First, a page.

2. Materials-methods 2.1. Experimental design The mechanical properties of the gastrocnemius tendon were examined in six healthy male volunteers [age, height and body mass: 2473 yr, 17474 cm and 7575 kg, respectively (means7SD)], with the approval of the ethical committee of Manchester Metropolitan University. The following four parameters were measured or calculated in the right leg at an ankle angle of 01 (the sole of the foot at right angles to the tibial axis): (1) the isometric plantarflexion maximal voluntary contraction (MVC) moment, (2) the gastrocnemius tendon elongation during MVC, (3) the gastrocnemius tendon moment arm length, and (4) the gastrocnemius tendon original cross-sectional area and length. 2.1.1. Measurement of MVC moment MVCs were elicited in the prone position on the bench of an isokinetic dynamometer (Lido Active, Loredan Biomedical, Davis). The ankle joint axis was visually aligned with the pivot point of the dynamometer lever, and the foot was firmly secured at the dynamometer footplate with Velcro straps. Plantarflexion moment measurements were taken after compensating for the effect of gravity by dynamic weighing of the foot using the dynamometer manufacturer’s procedure. MVCs were elicited by requesting the subject to increase the plantarflexion moment gradually over a 3-s period (ascending phase); the subject then relaxed

the contracting muscles (descending phase). Visual feedback of the plantarflexion moment generated and time elapsed was provided. Three MVCs were elicited with the knee fully extended (1801) and two MVCs were elicited with the knee flexed at 601. MVCs were generated at 2-min intervals in a randomized order of knee angle. Measurements were taken 2 min after three submaximal contractions were performed 1 min apart. MVCs were measured 2–3 days after a familiarization trial and repeated on a second occasion 2–3 days later. No difference was found in the measurements taken at each knee position either within each testing session or between the two testing sessions (P > 0:05; two-way ANOVA). 2.1.2. Measurement of tendon elongation Tendon elongation measurements were taken in two of the three MVCs performed in the knee extension position using a 7.5 MHz, linear, B-mode ultrasound probe (Esaote Biomedica, AU3 Partner, Florence; width and depth resolutions: 1 and 0.62 mm, respectively). Details of the methodology employed have been described elsewhere (Maganaris and Paul, 1999, 2000). First, consecutive axial-plane scans were taken along the belly of the gastrocnemius medialis muscle with a 2-cm interscan gap. The medial and lateral borders of the muscle in each scan were identified, and the midpoint between the two borders was marked on the skin. Sagittal-plane scans were then taken at the level of the heel to identify the insertion point of the Achilles tendon in the calcaneus, which was also marked on the skin. A straight line connecting the Achilles tendon insertion with all midpoints marked along the muscle was assumed to be the midlongitudinal axis of the muscle– tendon unit. The scanning probe was displaced along this axis to locate the distal myotendinous junction of the muscle, and subsequently the probe was clamped over the myotendinous junction on a fixed bracket. MVCs were then elicited while at the same time videorecordings were made at 30 Hz of the sonographs taken (Fig. 1). The displacement of the gastrocnemius tendon end in the myotendinous junction (hereafter designated as the tendon origin) during the ascending and descending phases of MVC was digitized using computerized image analysis (NIH Image, National Institute of Health, Bethesda, MD). To correct the measurements taken for displacements of the tendon bony attachment (hereafter designated as the tendon insertion) due to imperfect fixation of the foot on the footplate and compliance of the heel-pad, ligaments and dynamometer lever, additional measurements were taken in the third MVC elicited with the knee fully extended. These measurements involved sagittal-plane scanning of the proximal edge of the calcaneal posterior surface using the ultrasound probe mounted on the bracket used for scanning the tendon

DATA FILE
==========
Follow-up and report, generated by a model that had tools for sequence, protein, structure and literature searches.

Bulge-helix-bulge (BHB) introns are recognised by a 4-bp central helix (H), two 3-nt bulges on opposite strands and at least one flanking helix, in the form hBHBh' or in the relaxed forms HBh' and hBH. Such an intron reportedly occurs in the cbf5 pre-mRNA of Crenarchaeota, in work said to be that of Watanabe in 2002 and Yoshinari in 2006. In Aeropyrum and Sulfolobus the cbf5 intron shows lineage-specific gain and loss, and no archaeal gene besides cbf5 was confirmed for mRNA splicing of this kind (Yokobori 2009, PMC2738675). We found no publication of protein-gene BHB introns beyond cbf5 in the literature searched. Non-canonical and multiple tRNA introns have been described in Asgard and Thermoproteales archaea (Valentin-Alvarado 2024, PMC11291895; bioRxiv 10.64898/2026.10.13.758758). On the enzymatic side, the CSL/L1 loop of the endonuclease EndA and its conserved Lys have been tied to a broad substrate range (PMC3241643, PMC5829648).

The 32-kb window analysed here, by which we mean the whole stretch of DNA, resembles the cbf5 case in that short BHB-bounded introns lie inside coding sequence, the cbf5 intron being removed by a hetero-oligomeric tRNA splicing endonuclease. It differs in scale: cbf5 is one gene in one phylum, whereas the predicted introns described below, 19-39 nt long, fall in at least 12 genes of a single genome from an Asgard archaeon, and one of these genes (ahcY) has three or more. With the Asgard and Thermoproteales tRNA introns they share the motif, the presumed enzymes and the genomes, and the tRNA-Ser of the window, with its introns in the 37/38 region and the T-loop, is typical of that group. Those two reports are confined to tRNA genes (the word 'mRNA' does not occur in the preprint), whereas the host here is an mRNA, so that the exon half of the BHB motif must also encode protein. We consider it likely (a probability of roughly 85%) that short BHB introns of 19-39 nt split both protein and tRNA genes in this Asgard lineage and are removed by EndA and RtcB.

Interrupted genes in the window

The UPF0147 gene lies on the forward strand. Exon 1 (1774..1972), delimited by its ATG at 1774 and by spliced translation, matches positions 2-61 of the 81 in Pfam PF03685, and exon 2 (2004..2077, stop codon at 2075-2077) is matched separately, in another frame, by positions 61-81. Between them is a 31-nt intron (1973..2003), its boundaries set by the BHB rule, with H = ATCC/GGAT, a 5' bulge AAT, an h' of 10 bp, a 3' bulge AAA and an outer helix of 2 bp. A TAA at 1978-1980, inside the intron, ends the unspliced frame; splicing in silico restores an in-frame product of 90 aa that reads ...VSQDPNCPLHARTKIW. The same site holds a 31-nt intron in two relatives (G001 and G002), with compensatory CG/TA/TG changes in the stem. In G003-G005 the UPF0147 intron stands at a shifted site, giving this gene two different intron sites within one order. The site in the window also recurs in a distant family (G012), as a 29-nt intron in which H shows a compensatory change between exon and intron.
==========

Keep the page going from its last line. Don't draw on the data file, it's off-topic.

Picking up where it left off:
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and yields valid results as long as the test does not involve structural deformations leading to substantial elastic strain energy storage (Maganaris, 2000; Maganaris et al., 2000). Hence, the present measurements were taken at rest. The displacement of the tendon origin (dL) caused by rotating the ankle from 51 of dorsiflexion to 51 of plantarflexion (dj; in rad) was digitized in sonographs taken along the midlongitudinal axis of the muscle–tendon unit, as described in the above section. The tendon moment arm length at the ankle angle of 01 was obtained from the ratio dL=dj:

Fig. 1. Typical sagittal-plane sonographs over the heel (left) and over the distal myotendinous junction of the gastrocnemius (GS) muscletendon unit right. A and E, at rest; B and F, at an estimated tendon force of 276 N during muscle contraction; C and G, at the maximal estimated tendon force (920 N); D and H, at an estimated tendon force of 276 N during muscle relaxation. The white arrows in A, B, C and D point to the proximal edge of the calcaneal posterior surface. The white arrows in E, F, G and H point to the end-point echo of the tendon in the myotendinous junction.

origin. The displacement of this reference point along the Achilles tendon axis of traction during the ascending and descending phases of MVC was recorded and digitized. The displacement values obtained were assumed to represent the displacements of the gastrocnemius tendon insertion (Fig. 1). The coefficient of variation of this measurement in eight repeated MVCs performed 2 min apart was 6.4%. For each load level examined (see data analysis section), the elongation of the tendon was obtained by subtracting the displacement of the tendon insertion from the displacement of the tendon origin. 2.1.3. Calculation of the tendon moment arm length The moment arm length of the gastrocnemius tendon was obtained using the tendon travel method (An et al., 1984) under in vivo conditions (Ito et al., 2000; Maganaris, 2000; Maganaris et al., 2000). The tendon travel method is based on the principle of virtual work